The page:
4 Facts to Keep You Applying Sunscreen This Fall & Winter
Sunscreen is an everyday staple, it’s not just for the summer months. As you feel the crisp, cool air hitting your face as fall moves in you may feel tempted to toss out your sunscreen. Don’t do it! Even in the dreary cloud filled days ahead of us, your skin is still at risk for UV exposure. Keep reading for facts on why you should continue applying sunscreen in the colder months ahead.
1. “The temperature has no influence over the sun’s strength. Just because the weather is colder, you still have to reapply sunscreen every 2 hours if you’re out in direct sunlight. The rays are exactly the same as the summer rays,” states Jennifer Jordan, Physician Assistant at Sanova Dermatology in Austin, Texas. Snow and ice can reflect up to 80% of the UV light from the sun. This causes a reflection similar to being in a pool, which causes the rays to hit you twice.
2. One common myth is that glass blocks UV rays. Certain window films may decrease your risk for exposure, but glass itself only blocks UVA rays, not UVB rays. You still need sunscreen to protect yourself from these rays.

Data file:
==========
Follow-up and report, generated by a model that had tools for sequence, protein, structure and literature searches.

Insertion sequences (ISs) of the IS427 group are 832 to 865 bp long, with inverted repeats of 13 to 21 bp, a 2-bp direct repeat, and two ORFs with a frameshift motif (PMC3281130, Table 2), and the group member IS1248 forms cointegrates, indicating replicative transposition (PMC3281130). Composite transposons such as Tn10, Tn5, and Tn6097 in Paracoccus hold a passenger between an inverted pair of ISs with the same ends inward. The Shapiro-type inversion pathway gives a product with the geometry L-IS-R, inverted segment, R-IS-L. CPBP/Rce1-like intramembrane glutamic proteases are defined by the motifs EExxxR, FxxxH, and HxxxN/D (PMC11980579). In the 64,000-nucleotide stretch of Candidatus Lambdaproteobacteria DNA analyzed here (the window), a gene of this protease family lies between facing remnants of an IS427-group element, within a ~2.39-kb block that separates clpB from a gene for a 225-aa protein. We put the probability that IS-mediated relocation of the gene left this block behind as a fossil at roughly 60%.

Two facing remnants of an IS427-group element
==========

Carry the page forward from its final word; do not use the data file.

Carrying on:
3. Sun Damage can occur at any time of the year. You should especially avoid the sun between the hours of 10 am – 4 pm. Even if it’s cloudy, a sunburn can occur in any month of the year. Sun damage can lead to skin cancer, rapid-aging, and skin damage. Just one sunburn every two years can triple your chances of getting melanoma (a type of skin cancer).
4. Using an SPF in your make-up or moisturizer everyday is beneficial for minimal sun exposure and to prevent rapid-aging. “The daily recommended SPF is 30 or greater; most makeup, light moisturizers and powders that contain SPF are very often SPF 15 or less. And wearing two together, i.e. light moisturizer followed by powder, does not have an additive effect. It is best to look for a moisturizer that has an SPF of 30+,” Jordan explains. For longer periods of exposure make sure to slather up with a more efficient sunscreen product. SPF level should remain the same, there’s no need to lower it.
“Some patients report that they can not wear sunscreen that it burns and stings and I will explain this is most often due to wearing chemical sunscreens that contain ingredients like avobenzone also known as Parsol 1789. Physical sunscreens that contain zinc oxide or titanium dioxide function as a barrier from UV rays and are better tolerated,” reveals Jordan.
So get out and enjoy those crisp fall days, just don’t forget your sunscreen!
Contact Sanova Dermatology for all of your sunscreen or skin care questions today.